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  • Writer's pictureSofiya Kostareva

Why Is Finding A Therapist So Hard?

In the summer of 2016, I made a decisive career change. Disenchanted with the field of economic development, I enrolled in graduate school to become a therapist. I was prepared to dive deep and grow crucial skills to help others navigate complex and unimaginable situation. But truthfully, I also yearned for the linen-pants wearing, coffee-mug-holding, modern-art-on-wall-hanging idea of it all.

A white blanket lays on the edge of an orange couch, a wooden side table with books and a sculpture sits next to it
Photo Credit @stephanieharvey from Unsplash

Today, I have the privilege of supporting incredible clients, listening to their powerful stories, and witnessing their growth. Connecting with people I wouldn't otherwise come in contact with is enriching and life giving. In addition to client work, a significant portion of my time is spent helping people who aren't my clients navigate the overwhelming logistics of accessing care. While it feels aligned with my ethics to pass along referrals and answer questions, it seems clear the lack of information and support for reliably and successfully finding a therapist is not an isolated issue, but a systemic failure within our medical field and government.

In their Wired article titled "Why Therapy Is Broken" author Eleanor Cummins discusses the conundrum of seeking and engaging in therapy: in the western world it is held on a pedestal as a pre-requisite to living a fulfilling life, but how could someone with no background filter through the myriad of options successfully?

From limited availability to the intricacies of the therapeutic relationship, each obstacle makes finding a therapist feels like an unintentional part-time job. In this blog post, I explore the reasons behind this dilemma, empowering you with insights to navigate the elusive quest for support.

Barriers Impacting Access To Care

Factor 1: Limited Availability

Across the US, there is a shortage of mental health professionals with the demand for services steadily increasing but the supply not keeping pace. Reasons for this include high barriers to entry (costs for attending school, complex licensing requirements that vary by state) and disparity of pay and lower insurance rates as compared to other medical professions. Complicating things further is a high rate of burnout due to the demanding nature of the field.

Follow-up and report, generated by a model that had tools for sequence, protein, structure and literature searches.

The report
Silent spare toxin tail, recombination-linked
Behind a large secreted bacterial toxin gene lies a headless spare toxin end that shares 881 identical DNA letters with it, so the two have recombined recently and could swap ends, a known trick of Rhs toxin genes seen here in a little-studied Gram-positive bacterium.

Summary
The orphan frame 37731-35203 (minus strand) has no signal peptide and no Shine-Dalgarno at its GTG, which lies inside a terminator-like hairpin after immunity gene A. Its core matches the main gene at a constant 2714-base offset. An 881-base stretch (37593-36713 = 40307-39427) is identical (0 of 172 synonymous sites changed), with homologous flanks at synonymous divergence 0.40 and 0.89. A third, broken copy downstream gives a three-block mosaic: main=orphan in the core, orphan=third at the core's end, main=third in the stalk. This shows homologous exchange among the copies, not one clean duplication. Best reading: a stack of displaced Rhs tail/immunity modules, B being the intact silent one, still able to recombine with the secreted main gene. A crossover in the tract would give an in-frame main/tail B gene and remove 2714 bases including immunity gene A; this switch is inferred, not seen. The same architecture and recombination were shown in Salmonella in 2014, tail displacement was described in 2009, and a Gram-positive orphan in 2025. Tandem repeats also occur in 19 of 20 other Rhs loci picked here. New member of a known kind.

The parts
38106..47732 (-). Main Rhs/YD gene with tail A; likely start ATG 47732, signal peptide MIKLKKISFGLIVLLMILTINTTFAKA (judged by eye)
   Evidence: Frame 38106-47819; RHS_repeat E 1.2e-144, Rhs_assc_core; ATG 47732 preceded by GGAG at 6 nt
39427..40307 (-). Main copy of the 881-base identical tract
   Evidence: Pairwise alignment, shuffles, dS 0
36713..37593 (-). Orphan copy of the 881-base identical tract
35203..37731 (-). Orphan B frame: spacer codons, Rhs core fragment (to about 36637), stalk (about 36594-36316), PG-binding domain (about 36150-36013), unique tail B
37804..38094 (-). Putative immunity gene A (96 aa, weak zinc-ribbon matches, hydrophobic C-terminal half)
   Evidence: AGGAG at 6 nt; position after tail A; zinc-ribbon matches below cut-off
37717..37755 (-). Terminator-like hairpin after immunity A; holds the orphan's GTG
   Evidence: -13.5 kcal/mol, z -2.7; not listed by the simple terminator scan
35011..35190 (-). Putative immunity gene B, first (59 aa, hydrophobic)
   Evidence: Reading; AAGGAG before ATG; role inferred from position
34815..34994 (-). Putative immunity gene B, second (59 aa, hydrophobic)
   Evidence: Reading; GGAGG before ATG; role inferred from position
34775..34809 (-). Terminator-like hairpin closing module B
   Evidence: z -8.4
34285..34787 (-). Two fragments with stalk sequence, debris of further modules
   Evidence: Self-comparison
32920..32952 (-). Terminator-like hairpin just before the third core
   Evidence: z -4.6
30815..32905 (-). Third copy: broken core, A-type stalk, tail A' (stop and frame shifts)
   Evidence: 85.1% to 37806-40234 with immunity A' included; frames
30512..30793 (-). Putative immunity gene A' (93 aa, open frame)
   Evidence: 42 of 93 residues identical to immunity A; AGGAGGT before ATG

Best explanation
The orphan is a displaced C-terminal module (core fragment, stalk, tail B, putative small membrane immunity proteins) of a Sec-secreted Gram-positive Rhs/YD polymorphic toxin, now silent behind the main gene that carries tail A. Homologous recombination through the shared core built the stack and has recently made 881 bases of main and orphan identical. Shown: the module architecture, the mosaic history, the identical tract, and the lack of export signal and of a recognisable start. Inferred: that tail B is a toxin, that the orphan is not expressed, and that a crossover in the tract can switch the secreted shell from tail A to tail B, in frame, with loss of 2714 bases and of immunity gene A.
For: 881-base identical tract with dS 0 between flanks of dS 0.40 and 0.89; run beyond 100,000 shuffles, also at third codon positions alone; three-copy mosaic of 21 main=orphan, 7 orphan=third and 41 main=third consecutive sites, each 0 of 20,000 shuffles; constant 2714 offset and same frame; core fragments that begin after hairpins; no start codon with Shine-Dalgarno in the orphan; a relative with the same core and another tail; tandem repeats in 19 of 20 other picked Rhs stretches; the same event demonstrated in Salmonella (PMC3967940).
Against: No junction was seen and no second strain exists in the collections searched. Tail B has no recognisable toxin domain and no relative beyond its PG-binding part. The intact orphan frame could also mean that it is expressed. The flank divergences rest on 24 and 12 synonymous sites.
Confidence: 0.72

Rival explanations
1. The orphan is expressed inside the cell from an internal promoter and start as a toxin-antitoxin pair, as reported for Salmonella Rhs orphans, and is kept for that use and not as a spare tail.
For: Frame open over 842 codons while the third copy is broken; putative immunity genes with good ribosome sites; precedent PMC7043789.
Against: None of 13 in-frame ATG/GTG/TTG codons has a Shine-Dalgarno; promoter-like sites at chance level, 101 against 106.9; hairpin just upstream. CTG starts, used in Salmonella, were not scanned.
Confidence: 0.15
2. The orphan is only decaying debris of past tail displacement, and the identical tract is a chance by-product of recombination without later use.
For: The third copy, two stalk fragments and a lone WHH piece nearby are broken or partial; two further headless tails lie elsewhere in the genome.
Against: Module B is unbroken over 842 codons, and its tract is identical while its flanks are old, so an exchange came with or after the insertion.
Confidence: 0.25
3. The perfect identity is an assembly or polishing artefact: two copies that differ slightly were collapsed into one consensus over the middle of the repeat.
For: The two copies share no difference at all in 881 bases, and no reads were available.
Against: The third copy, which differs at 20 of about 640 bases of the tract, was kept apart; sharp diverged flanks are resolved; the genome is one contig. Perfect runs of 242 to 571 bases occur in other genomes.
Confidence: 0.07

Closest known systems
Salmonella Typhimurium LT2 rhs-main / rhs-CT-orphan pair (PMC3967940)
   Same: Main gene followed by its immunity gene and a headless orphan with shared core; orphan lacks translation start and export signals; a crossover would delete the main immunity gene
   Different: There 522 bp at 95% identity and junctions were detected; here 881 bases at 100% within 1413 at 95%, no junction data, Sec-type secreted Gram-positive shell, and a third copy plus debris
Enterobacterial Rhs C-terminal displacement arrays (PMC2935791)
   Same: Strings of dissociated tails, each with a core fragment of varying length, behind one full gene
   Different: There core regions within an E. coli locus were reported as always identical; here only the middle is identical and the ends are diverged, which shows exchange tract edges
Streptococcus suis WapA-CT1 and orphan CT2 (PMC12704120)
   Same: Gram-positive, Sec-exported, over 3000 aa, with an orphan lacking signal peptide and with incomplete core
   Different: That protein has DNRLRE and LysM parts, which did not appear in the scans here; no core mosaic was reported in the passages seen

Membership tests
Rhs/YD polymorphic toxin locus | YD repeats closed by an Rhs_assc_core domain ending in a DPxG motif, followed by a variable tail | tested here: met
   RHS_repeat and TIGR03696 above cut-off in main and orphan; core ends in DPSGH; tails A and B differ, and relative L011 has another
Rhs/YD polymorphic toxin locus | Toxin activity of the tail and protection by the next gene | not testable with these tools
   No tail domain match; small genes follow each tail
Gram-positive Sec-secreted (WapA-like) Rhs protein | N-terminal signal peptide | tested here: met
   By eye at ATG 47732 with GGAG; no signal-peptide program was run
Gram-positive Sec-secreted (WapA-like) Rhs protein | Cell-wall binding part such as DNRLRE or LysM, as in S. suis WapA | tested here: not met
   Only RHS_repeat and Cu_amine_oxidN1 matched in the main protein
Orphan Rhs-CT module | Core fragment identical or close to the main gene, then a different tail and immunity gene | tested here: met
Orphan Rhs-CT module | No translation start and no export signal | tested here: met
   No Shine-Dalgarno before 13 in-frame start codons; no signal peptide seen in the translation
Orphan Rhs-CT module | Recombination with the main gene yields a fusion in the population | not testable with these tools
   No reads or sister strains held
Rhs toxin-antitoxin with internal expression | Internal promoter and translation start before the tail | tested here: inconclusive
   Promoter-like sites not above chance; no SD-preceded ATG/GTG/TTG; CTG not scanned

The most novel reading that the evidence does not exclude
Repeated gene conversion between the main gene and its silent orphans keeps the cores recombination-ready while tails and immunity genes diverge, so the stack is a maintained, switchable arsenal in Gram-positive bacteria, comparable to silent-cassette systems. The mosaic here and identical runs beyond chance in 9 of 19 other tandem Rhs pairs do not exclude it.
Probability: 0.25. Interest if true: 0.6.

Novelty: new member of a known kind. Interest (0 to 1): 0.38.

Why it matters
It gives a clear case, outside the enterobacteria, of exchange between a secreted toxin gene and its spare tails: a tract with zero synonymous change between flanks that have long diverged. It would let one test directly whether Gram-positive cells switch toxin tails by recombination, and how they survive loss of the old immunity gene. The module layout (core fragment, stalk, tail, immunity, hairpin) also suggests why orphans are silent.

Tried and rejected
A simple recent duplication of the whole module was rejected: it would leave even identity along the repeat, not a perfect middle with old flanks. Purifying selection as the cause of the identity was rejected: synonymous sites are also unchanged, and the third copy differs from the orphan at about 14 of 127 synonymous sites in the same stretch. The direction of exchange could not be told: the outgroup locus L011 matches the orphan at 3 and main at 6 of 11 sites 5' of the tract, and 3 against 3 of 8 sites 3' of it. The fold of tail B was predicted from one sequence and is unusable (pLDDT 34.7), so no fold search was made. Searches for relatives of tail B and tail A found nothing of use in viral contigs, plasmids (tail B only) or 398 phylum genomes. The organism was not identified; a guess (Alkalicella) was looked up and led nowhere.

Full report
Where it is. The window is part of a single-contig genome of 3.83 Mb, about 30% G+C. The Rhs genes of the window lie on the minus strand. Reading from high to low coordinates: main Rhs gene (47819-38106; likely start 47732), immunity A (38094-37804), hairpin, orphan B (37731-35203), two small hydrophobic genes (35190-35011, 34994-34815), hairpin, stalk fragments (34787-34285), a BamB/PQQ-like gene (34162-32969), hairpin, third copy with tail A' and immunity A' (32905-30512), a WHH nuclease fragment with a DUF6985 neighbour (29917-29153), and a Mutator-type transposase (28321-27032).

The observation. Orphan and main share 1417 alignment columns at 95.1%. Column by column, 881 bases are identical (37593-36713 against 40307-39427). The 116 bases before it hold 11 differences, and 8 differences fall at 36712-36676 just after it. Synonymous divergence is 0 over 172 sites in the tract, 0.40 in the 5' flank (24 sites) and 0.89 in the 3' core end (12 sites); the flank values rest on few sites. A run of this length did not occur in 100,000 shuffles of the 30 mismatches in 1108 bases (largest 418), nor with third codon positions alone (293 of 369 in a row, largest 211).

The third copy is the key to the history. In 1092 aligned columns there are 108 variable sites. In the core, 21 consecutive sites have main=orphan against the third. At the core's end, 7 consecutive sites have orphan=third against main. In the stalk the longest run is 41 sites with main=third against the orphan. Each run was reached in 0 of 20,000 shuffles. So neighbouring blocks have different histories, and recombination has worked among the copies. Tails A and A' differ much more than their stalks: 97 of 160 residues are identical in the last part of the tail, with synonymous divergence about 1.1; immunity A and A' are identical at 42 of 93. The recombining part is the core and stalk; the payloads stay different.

Factor 2: Affordability

Limited availability then cascades into challenges with affordability. Providers facing lower salaries and highly demanding environments often opt for private practice, where they can set their rates and schedules while retaining the power to manage their caseloads. To combat low insurance rates, providers are forced to take on a lot of clients, juggle a mix of insurance and private pay clients, or opt out of insurance altogether and increase their fees. This leaves clients in a space of choosing between navigating the complexities of insurance or budgeting for a higher cost (and potentially better fitting) service.

Factor 3: The Therapeutic Relationship

The final barrier is picking the"right therapist". There are hundreds of standalone approaches to therapy, some wildly differing from each other. However, despite scant empirical data demonstrating unilateral efficacy of therapy, we do know it works... some of the time. Research shows the greatest predicting factor for positive outcomes is therapeutic alliance or the actual connection between client and therapist. A bit reductionist, but also hope inducing, because it means rather than sifting through hundreds of approaches you can be empowered to listen to your gut on whether someone feels "right".

Tips To Combat Mental Health Barriers

I believe access to mental health care is a human right, just like housing and water. That is why I created the How to Find a Therapist Guide, to help you traverse the four key factors to accessing care. Moreover, I believe it's important for this type of resource to be accessible, and that's why I've chosen to make it free to the public. The hope is you share it freely with your community, so we are all more empowered to make informed choices.

Tip One: Know Who To See

There are so many types of mental health providers, it's important to be clear on WHO you're seeking and WHY. (e.g. Are you hoping to start medication? Be clear on who can prescribe and evaluate you). Use the chart below to help clarify provider types.

A flow chart with white boxes describes how to identify the correct mental health provider

Tip Two: Identify Non-Negotiables

Four key factors will impact your search: type of provider, their approach, format of sessions and fees/affordability. Know if you are flexible in any of these areas (e.g. you don't care if it's in person or online, but perhaps you're firm on budget). All four are ideal, but may take longer to find. Identifying your non-negotiables will ensure a fit that is sustainable.

Tip Two: Trust Your Gut

When you do find yourself in front of a provider, they're going through their questionnaire and you're evaluating if you want to move forward, ask yourself these two questions: "Would I want to spend an entire hour with this person?" and "Would I want this person knowing intimate and vulnerable information about me?". What's your immediate reaction? We may not always get a firm yes. Mostly, we want to be make sure we listen to the hard no's.

For more tips toward a successful therapy search, sign up to receive your free digital guide.

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